Analysis: RB Leipzig Stunned by Ruthless Manchester United

RB Leipzig, in top form in the Bundesliga, came into this game as slight favourites and were almost seen as favourites against a Manchester United side struggling to reach their full potential. The Germans won their opening group game 2-0, while United pulled off a shock result to beat Paris Saint-Germain in the other Group H tie.


United’s diamond structure created many issues for Leipzig while in possession as it not only controlled the central zones of the pitch, but also let United create access to pressing situations and not be too reactive when defending. This meant that United was able to set traps towards the flanks and blocked options for Leipzig to progress.

United did spend a lot of time defending deeper but had control of central areas and forced plays for Leipzig out-wide. 

Leipzig had some successful plays with rotations when they tried to overload the flank zones in order to progress, but United were also aggressive in their defending of flank zones with good use of cover-shadowing from the 8s, while pressing the flanks and could solve the wide-attacks by Leipzig who had a hard time to penetrate via central players. 

Here we can see how central-oriented United’s structure is and Greenwood starting his press towards the side centre-back as soon as Upamecano started to pass it – this being a pressing-trigger by United. Notice also the position of van de Beek and how he is able to control vertical, diagonal and horizontal options in his 10 position and the two 8s in Fred and Pogba controlling half-space zones which forced Leipzig into the wide areas (as mentioned).

There were three types of defending structures in order to defend Leipzig’s wide plays. Due to the fact that the diamond structure can be too compact in terms of distances between the players centrally and create worse access for horizontal compactness and access. But as United forced the play wide in midfield pressing areas, Fred was responsible to press the Leipzig’s wingback as seen in the picture above. Greenwood has access to the ball-near centre-back and van de Beek has access to ball-near midfield option. Wan-Bissaka meanwhile covers space with the distance to cover a potential pass to Nkunku, Leipzig’s 8.

Another example, similar to what happened on the opposite flank. Martial forces play to the flank, by pressing the side centre-back, Donny van de Beek shifts across to cover Leipzig’s…
…while Pogba is controlling the half-space and the fullback Shaw is pressing the wingback Henrichs of RBL. This was the 2nd way, United defended the flank-zones and this is only logical due to the fact that, Pogba was being covered by an oppositional player in terms of his deeper positioning, which forced the fullback Shaw to press the wing-back in order to not be out-numbered. The 8s of United could solve the pressing of the wingbacks by having cover-shadow inside and blocking RBL’s 8s too.

In deeper areas where Leipzig could maintain some longer possession spells using back passes and faster switches of play, Greenwood or Martial dropped deeper to defend horizontally in order to create a longer ”chain” in the 3-man midfield.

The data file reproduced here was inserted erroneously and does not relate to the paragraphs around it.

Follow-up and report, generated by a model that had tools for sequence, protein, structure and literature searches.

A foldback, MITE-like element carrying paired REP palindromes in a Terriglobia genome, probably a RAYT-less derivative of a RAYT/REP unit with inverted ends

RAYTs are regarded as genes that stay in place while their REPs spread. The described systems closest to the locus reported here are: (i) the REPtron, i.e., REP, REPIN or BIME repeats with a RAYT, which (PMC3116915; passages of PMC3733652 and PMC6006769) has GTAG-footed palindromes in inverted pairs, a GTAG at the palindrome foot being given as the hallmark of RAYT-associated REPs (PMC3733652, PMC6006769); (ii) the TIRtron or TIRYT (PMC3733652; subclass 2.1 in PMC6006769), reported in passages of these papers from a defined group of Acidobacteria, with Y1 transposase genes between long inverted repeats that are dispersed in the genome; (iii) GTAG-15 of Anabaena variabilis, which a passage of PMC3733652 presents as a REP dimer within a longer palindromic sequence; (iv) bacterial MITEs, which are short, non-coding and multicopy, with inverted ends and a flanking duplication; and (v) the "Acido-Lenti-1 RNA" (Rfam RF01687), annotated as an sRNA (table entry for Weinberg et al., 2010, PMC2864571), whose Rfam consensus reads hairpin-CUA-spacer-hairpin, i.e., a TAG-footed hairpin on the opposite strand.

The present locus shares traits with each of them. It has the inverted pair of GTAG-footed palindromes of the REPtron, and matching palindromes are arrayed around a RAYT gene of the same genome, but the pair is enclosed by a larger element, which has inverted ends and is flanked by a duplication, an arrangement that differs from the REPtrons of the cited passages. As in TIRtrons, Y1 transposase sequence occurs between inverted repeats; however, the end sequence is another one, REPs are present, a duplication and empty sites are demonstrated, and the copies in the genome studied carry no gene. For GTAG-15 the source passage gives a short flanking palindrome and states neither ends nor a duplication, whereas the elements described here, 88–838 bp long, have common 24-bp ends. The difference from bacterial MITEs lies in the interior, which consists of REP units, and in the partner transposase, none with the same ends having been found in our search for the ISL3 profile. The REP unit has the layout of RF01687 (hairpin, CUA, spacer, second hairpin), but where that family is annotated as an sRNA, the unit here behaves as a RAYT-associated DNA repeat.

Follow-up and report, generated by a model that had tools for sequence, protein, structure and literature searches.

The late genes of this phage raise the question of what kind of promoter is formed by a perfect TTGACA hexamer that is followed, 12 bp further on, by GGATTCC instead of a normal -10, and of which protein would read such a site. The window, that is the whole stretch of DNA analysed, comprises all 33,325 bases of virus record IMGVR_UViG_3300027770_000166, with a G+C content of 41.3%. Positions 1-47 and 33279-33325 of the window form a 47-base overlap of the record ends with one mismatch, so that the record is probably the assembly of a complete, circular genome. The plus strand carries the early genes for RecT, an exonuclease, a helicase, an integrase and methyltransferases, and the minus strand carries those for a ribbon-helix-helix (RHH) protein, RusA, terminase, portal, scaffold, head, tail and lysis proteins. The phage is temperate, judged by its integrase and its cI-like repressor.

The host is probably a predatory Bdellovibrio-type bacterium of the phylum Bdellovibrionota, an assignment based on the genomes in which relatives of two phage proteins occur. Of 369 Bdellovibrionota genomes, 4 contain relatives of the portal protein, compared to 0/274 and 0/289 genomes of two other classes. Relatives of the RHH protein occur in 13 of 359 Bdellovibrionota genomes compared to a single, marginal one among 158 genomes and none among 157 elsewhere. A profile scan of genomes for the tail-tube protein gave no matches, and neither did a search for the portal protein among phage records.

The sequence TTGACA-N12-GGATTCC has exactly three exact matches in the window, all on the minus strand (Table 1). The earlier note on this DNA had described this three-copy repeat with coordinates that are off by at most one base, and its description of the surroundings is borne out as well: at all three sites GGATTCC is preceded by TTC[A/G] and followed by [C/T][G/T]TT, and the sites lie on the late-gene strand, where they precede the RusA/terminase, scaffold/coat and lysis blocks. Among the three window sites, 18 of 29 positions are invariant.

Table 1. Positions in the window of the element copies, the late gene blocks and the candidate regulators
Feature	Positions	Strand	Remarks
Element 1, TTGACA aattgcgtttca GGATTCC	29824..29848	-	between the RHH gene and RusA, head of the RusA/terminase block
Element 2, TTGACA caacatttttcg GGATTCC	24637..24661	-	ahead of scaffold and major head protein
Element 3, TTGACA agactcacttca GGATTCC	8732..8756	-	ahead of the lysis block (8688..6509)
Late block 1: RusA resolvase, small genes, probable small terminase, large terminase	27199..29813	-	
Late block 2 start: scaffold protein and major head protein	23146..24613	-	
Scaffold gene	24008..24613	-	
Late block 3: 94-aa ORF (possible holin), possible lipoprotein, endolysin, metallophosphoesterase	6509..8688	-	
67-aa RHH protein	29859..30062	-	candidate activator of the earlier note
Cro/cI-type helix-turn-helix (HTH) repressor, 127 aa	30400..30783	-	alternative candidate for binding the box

Not only did Leipzig have issues in their possession play but also in when defending in a 5-3-2. When United were in possession, they struggled to create a ‘numerical advantage’ , a 4v3 overload in the centre.

When defending Leipzig’s two strikers had to cover-shadow the option of passing to Matic while also keeping pressure on the United’s centre-backs, which created not well-timed and efficient pressing situations. 

As seen here, Leipzig’s strikers forced play wide. In this situation the Olmo, playing as an 8 was responsible for pressing Shaw, at full-back. 

Due to the diamond structure Pogba was able to penetrate the half-space areas behind Olmo, which left him positioned in a superior position, while the ball-near striker of United occupied Leipzig’s wing-back.

Leipzig were not able to defend this, as Kampl shifting across to cover van de Beek would make him a free player via a diagonal pass. 

Here is the same situation, which shows the potential diagonal pass into the ”10” position for United, which RBL had issues to defend. 

United did not create many dangerous attacks but it gave them enough options via ball-local areas in order to combine and potentially switch to ball-far areas. 

This forced Nagelsmann too change from a 5-3-2 to a 4-4-2 in defending only after 30 minutes in to the 1st half as seen in the picture below.

Leipzig in their 4-4-2 in the 2nd half, a change which creates better access to United’s diamond structure while shifting across but United adapted quickly. Solskjaer adapted quickly and used Matic & Fred by having Matic drop deeper between the two centre-backs in order to create a 3v2 against Leipzig’s first line of pressure, or by having Fred drop wide diagonally for the same purpose.


Another change to a 4-2-3-1 was done in later stages of the game, but was ineffective.  As mentioned United had assymetry in possession, due to their more fluid positioning creating superiority through methods such as ’tilting’ the diamond to a box, which maintained their numerical superiority in central zones.

It also allowed the strikers to reduce oppositional cover by drifting wide and overloading flanks. A big lesson for Nagelsmann is to respect the transitions and individual player quality, creating a better positional structure for better rest-defending . Additionally to find better ways to draw the opposition’s shape out of position and attack those spaces between or via the flanks. 

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